Domestic Ethnography, Diaspora and Memory in Baba 1989

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This chapter offers some insights into the practice and function/s of diasporic domestic ethnography in documentary film based around the short documentary Baba 1989 (2014), produced as part of my practice-as-research project. Domestic ethnography is a term introduced by Michael Renov (2004) to describe the complex intersubjective interaction that takes place in documentary films that engage the participation and involvement of the filmmaker’s family members. My research is interested in what happens to this relationship in the context of diasporic displacement. The subjects of my short documentary films are my parents and family members, their memories of displacement from Iran and their/our experience as Iranians living in Britain. Consequently, the research is situated within the specificity of the Iranian diaspora, that is the communities of Iranians that have settled in cities across the globe following their displacement and dispersal predominantly in the aftermath of the Iranian revolution of 1979 and the subsequent Iran-Iraq war of 1980-1988. Baba 1989 documents my father’s personal memories of arriving in Britain in 1989, following four years of separation from the rest of the family. His personal testimony is juxtaposed with a family home video playing and repeating on a TV monitor, occasionally faltering and dropping out. The film provides a useful case study for examining some of the interactions that take place between family archive, domestic ethnography and diasporic subjectivity. In what follows, I introduce domestic ethnography as conceived by Renov then discuss its role within a diasporic setting drawing on the experience of making Baba 1989, reflecting on the role of the home video in the film, as well as the function of the film itself within and beyond the family.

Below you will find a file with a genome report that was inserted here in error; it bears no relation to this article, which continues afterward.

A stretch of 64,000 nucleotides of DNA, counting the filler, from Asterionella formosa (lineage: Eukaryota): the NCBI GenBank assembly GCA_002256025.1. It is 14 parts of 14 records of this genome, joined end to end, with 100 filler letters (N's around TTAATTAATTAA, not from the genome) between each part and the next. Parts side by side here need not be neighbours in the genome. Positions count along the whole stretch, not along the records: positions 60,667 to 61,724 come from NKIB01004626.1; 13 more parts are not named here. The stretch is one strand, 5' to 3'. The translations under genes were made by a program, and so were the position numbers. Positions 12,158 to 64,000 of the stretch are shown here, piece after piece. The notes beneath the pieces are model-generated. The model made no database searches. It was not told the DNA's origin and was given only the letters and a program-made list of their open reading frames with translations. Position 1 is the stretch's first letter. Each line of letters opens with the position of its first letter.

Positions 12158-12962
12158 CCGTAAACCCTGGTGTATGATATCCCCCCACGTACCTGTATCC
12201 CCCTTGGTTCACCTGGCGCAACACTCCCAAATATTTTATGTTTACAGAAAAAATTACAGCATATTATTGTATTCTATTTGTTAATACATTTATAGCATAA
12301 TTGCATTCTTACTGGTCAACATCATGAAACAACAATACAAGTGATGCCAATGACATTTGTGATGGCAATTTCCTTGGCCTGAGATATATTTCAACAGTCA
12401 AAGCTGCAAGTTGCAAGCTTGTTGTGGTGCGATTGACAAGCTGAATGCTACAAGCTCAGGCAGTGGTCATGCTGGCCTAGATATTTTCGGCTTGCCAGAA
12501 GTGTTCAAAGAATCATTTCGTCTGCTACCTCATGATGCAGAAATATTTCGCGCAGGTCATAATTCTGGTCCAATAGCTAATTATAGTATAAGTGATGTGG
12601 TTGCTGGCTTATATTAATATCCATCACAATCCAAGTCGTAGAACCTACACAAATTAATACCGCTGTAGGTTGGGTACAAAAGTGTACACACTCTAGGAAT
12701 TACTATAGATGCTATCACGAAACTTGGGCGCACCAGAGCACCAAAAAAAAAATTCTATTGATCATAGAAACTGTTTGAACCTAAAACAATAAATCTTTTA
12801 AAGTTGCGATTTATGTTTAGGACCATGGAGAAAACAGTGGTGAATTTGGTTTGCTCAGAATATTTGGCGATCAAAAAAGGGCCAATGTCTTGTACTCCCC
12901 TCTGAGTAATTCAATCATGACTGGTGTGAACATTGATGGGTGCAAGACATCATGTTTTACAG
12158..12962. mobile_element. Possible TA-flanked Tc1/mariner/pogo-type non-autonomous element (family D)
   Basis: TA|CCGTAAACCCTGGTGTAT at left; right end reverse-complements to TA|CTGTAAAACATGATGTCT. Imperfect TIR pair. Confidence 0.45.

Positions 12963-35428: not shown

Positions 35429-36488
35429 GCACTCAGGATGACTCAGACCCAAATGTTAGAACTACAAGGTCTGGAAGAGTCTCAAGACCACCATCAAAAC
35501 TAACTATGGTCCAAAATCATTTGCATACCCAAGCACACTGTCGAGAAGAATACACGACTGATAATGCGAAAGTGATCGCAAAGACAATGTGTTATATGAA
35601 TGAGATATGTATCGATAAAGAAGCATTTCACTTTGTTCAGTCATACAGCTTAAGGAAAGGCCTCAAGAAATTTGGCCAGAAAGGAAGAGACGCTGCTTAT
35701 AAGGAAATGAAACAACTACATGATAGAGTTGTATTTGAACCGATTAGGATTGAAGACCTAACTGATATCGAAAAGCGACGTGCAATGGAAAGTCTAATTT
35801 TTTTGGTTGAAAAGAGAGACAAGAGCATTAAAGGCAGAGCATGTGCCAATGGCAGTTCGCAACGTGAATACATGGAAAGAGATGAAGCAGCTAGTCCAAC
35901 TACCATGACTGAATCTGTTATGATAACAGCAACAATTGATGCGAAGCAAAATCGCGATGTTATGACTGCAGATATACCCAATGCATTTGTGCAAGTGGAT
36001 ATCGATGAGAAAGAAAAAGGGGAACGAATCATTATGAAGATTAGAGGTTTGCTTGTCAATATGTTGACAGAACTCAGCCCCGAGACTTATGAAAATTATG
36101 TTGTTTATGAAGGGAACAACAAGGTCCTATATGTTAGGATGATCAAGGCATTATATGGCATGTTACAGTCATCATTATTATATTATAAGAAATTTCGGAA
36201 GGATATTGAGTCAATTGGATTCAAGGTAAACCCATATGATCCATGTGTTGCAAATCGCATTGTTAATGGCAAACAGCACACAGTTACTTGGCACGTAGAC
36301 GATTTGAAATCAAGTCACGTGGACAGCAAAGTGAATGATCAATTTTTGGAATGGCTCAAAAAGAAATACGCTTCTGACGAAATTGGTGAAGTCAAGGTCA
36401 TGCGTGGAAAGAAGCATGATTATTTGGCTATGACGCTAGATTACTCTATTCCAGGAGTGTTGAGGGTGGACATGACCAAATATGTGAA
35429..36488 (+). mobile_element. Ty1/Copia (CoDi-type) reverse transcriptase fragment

Original languageEnglish
Title of host publicationDomestic Imaginaries
Subtitle of host publicationNavigating the Home in Global Literary and Visual Cultures
EditorsRebecca Harper, Hollie Price
PublisherPalgrave Macmillan
Number of pages21
ISBN (Electronic)9783319664903
ISBN (Print)9783319664897
Publication statusPublished - 25 Nov 2017


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